What Type Of Social Media Ads Are The Most Effective?

chartNow that social networks devour about a fifth of Web users' time, you might be wondering which ad formats are most effective on Facebook and its rivals.

Well, among the seven most common formats, sponsored content ads -- in which consumers viewed a page that was "brought to you by" a leading brand -- were the most engaging, yet produced the least purchase intent, according to a new study conducted by research firm Psychster, and commissioned by cooking/recipe hub Allrecipes.com.

Corporate profiles on social-networking sites produced greater purchase intent and more recommendations when users could become a "fan," and add the logo to their own profiles, than when they could not.

Meanwhile, "give and get" widgets -- in which individuals can create and customize something (a car or a dinner menu) and then either send it to a friend ("give" widget) or keep it for themselves ("get" widget) -- were more engaging than traditional banner ads, but no more likely to produce an intent to purchase.

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Psychster's conclusions held across brands -- a leading soup brand and a leading car brand -- and publishers -- on Allrecipes.com and on Facebook.com -- but like traditional ads, widgets had increased success if the brand was relevant to the Web site.

"From banner ads, to widgets and branded profiles, ad types differ in the cognitive, social, and motivational foundations that make them a success, as well as the time and cost to bring them to market," said David Evans Ph.D., CEO of Psychster.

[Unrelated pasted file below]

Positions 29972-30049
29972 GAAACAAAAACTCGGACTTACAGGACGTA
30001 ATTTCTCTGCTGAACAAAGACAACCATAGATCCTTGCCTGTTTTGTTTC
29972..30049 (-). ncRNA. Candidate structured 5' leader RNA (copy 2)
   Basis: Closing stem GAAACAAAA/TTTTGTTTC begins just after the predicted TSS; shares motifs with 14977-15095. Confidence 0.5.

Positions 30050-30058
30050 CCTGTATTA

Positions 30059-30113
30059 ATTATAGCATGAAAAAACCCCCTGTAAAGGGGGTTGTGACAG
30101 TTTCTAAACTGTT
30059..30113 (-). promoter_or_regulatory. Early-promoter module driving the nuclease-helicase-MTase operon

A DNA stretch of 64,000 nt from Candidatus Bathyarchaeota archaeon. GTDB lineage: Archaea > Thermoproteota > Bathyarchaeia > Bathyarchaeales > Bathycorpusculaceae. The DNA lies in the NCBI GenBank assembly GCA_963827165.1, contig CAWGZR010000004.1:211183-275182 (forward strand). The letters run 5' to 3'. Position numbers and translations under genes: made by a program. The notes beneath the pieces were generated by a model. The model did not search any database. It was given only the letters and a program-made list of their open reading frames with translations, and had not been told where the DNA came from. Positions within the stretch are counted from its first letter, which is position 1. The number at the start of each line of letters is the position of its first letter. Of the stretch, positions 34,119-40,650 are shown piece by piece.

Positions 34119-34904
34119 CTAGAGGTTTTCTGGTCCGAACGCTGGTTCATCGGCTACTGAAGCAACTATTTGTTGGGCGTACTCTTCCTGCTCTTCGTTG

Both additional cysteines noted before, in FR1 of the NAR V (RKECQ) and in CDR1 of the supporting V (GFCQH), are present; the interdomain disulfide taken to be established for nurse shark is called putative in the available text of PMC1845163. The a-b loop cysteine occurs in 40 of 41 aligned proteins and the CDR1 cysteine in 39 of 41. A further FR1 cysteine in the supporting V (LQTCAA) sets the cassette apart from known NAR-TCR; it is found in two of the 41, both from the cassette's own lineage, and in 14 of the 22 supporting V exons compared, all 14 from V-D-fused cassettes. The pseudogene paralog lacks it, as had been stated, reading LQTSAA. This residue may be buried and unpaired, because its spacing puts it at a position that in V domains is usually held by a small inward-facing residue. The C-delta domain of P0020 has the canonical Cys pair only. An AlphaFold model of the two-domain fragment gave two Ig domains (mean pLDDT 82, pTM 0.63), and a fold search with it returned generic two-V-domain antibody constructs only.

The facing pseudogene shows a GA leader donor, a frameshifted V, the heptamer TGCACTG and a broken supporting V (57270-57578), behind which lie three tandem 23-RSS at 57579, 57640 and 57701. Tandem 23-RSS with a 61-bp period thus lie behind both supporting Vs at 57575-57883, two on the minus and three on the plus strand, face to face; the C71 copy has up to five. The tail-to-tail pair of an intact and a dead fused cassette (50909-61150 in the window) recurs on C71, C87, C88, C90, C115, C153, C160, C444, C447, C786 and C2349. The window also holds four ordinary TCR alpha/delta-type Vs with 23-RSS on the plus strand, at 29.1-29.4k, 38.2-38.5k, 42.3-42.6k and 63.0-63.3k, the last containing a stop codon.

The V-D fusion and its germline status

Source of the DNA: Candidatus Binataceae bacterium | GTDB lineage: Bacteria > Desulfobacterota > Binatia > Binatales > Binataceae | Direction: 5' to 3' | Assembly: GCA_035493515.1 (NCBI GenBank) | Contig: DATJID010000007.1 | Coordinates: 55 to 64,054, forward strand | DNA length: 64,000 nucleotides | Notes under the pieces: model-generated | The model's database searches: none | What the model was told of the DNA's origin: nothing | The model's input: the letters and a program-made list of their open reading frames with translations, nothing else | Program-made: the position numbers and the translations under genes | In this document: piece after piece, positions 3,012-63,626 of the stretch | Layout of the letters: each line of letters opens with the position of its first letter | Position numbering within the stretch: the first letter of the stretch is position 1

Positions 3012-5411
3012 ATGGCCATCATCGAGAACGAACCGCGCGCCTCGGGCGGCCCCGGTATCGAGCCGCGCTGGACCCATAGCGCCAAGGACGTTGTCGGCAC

Whereas other research often focuses on marketing spending or performance metrics, Psychster's study focused on consumers' attitudes toward different ad types and the brands they promoted.

For the study, Psychster designed a multivariate online experimental survey. Mockups were created of seven ad types, appearing on one of two publisher Web sites (Allrecipes, or Facebook), and promoting one of two brands (a leading soup brand and a leading car brand), for a total of 28 combinations.

To capture the interactive nature of the ads, a video was recorded showing the screen activity of someone interacting with the mockups, complete with a narration.

The variations of the survey that depicted the ad types on Allrecipes were shown to 478 Allrecipes users who were recruited via a site-wide popover. Meanwhile, the variations that depicted ad types on Facebook were shown to 681 Facebook users recruited via a panel company.

Overall, "No ad type was so engaging that it overcame the advantage found by matching the brand to the Web site," added Evans. "It is widely believed that ads are at an advantage when the brand relates to the site on which it appears ... Our findings replicated this effect, such that the soup brand performed better on Allrecipes than it did on Facebook."

What's more, every format was clearly perceived to be an ad. Although none of the ads fully "disguised" themselves, sponsored content scored lowest on this scale, but possibly at the expense of a strong call to action.

Although banners and newsletters were most likely to be seen as ads, they were among the best at triggering purchase intent and viral recommendations.